How much are you willing to pay for craft beer? I’m in the camp that is willing to pay extra, because I know what goes into it. Pretty much every brewer worth his hops uses some local ingredients, but a large portion of the malts and hops in our local craft beers are imported. Most of the best malts come from Europe, and many of the most popular hops come from America and Europe. Brewers want the best so they can make their best but, unfortunately, that comes at a cost.
In South Africa’s early craft beer days (think 2010), the price came as a shock to many consumers. I’ll even admit that I was one of the people moaning about the price, because at the time I knew nothing about the process. As the years have rolled on, things have settled and at most bottle stores you can expect to pay somewhere between R20 to R30 for an entry-level craft beer. Some styles like IPA are more expensive due to their large hop requirements.
So from the get-go, craft beer has had a premium price tag, but at what point does premium soar off the cliff into the realm of absurd? Well, over the course of the festive season, I frequented a variety of restaurants that I wouldn’t usually visit and I found myself ordering a lot of Windhoek. Don’t get me wrong, I love Windhoek; it’s my go-to big beer-lager. But that’s not why I was ordering it – I was ordering it because I couldn’t bring myself to pay the ridiculous amounts that restaurants are charging for a pint of craft.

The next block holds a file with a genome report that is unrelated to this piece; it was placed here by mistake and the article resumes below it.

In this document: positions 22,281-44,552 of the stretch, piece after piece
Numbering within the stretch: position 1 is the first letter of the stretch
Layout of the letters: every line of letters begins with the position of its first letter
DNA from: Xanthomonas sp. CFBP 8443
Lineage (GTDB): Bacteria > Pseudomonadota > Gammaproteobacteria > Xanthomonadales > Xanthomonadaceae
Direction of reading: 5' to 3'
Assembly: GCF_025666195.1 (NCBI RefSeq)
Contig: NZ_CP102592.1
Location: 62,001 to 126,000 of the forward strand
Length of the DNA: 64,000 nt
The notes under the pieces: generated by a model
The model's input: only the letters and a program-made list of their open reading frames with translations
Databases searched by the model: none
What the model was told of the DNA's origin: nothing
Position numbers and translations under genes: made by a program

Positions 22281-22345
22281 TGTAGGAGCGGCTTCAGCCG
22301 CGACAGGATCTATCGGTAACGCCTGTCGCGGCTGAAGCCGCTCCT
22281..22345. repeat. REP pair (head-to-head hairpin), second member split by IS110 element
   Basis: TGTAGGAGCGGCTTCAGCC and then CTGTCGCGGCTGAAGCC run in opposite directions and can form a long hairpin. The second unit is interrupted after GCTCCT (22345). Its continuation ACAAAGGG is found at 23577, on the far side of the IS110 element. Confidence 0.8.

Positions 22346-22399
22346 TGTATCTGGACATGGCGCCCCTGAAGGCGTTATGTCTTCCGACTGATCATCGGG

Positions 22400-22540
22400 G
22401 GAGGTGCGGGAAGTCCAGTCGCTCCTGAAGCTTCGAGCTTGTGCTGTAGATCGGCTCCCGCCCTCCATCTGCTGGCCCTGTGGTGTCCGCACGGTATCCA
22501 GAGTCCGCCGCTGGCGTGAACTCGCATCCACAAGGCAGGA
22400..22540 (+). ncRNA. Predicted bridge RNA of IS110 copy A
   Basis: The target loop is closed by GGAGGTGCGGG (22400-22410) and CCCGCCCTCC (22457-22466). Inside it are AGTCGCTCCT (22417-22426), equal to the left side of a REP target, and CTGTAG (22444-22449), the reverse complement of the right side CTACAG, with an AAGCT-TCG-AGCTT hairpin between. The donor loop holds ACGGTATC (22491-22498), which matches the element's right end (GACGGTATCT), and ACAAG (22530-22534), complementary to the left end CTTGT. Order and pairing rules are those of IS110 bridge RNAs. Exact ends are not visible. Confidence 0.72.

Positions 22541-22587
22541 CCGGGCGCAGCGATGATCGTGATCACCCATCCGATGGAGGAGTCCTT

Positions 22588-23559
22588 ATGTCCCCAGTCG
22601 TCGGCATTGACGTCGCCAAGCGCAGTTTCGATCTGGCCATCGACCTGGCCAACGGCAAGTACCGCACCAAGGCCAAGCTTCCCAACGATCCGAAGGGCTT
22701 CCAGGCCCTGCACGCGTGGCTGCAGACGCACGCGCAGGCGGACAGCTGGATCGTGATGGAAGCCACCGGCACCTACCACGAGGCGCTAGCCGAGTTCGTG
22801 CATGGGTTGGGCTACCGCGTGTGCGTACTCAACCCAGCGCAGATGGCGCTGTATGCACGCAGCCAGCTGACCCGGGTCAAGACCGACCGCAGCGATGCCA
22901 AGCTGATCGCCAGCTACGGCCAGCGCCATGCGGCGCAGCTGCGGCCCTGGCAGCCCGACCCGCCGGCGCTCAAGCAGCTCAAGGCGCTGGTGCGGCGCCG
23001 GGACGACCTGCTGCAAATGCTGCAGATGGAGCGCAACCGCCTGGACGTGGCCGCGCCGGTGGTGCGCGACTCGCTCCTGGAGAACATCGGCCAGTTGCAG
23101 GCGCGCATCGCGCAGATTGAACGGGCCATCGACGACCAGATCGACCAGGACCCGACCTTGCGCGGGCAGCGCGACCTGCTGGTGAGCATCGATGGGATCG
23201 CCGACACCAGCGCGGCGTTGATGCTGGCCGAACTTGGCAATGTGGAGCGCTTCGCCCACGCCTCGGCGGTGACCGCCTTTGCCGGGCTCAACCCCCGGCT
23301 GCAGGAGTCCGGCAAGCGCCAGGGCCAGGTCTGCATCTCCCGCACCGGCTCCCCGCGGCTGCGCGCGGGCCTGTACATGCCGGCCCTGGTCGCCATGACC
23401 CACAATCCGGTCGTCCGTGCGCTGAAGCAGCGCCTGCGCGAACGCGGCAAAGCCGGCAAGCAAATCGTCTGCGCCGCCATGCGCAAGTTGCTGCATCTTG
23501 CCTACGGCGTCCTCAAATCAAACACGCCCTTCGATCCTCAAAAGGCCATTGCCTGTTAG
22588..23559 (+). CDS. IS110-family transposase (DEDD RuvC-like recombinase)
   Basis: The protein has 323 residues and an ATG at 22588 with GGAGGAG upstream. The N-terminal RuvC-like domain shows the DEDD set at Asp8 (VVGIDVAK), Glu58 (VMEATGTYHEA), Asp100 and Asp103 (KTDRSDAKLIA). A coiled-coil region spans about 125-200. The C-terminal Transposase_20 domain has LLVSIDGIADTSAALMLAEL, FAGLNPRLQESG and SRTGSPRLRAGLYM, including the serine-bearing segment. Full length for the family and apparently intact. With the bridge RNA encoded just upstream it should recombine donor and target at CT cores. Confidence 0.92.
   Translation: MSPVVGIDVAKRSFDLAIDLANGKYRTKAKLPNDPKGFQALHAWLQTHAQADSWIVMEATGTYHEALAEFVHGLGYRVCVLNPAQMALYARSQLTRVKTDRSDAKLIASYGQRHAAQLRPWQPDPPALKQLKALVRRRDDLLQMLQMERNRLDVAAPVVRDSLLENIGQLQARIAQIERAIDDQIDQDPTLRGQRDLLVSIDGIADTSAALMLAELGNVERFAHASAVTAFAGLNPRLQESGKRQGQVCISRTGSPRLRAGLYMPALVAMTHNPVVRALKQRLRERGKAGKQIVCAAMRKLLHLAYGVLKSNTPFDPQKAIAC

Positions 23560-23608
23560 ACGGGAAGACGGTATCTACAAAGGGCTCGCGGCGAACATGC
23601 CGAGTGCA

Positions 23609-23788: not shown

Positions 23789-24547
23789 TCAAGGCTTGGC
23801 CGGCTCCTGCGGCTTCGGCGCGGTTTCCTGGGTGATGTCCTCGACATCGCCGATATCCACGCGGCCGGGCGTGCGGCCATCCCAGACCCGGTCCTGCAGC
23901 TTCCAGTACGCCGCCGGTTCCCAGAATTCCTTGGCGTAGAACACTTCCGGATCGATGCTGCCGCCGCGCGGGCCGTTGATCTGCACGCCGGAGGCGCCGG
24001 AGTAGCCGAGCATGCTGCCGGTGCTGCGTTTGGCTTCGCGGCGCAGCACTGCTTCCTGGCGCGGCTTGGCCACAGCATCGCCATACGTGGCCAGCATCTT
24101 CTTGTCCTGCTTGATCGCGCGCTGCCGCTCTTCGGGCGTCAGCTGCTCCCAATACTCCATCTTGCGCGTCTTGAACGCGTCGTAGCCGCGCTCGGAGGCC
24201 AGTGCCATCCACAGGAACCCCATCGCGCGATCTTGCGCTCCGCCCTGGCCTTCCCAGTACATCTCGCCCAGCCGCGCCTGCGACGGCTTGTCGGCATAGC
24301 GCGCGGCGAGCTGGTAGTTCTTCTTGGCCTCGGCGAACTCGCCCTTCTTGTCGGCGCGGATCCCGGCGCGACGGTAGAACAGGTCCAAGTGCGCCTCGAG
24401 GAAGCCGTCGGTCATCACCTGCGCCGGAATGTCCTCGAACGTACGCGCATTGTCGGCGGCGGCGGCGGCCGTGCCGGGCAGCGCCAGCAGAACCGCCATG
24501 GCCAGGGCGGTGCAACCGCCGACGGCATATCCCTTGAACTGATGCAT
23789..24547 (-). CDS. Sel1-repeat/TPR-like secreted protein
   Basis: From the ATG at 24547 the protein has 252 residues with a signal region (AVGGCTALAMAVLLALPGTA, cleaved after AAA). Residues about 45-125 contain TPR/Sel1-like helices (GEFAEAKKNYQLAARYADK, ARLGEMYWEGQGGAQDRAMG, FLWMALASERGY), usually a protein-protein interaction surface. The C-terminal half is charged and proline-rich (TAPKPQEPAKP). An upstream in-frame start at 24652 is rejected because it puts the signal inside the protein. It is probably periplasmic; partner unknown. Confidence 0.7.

What exactly defines ridiculous? As far as I’m concerned, anything over R60 for a pint. Yet I’ve even seen some places charging upwards of R80 for a 330ml bottle or can. While markups are understandable, this is absurd – how can you pay for one beer what you would for a four- or six-pack in the bottle store? It’s crazy, and all they are doing is turning people off craft beer completely.
So what can we do about it? Sadly, not much – ultimately it’s up to the restaurant’s discretion. A couple of years ago, a few members of the beer community posted images on social media of exorbitant beer prices when they found them. Maybe it’s time to revive this movement and give it a catchy hashtag like #craftmeshaftme, or maybe something a little more traditional like #craftpricesmustfall.
In an industry as young as ours, and with an economy as fragile as ours, what chance does craft beer have if every purchase feels like you’ve been ripped off?
Karl Tessendorf is a writer and brewer who spends his time exploring South Africa’s craft beer culture and meeting the passionate people who make his favourite beers.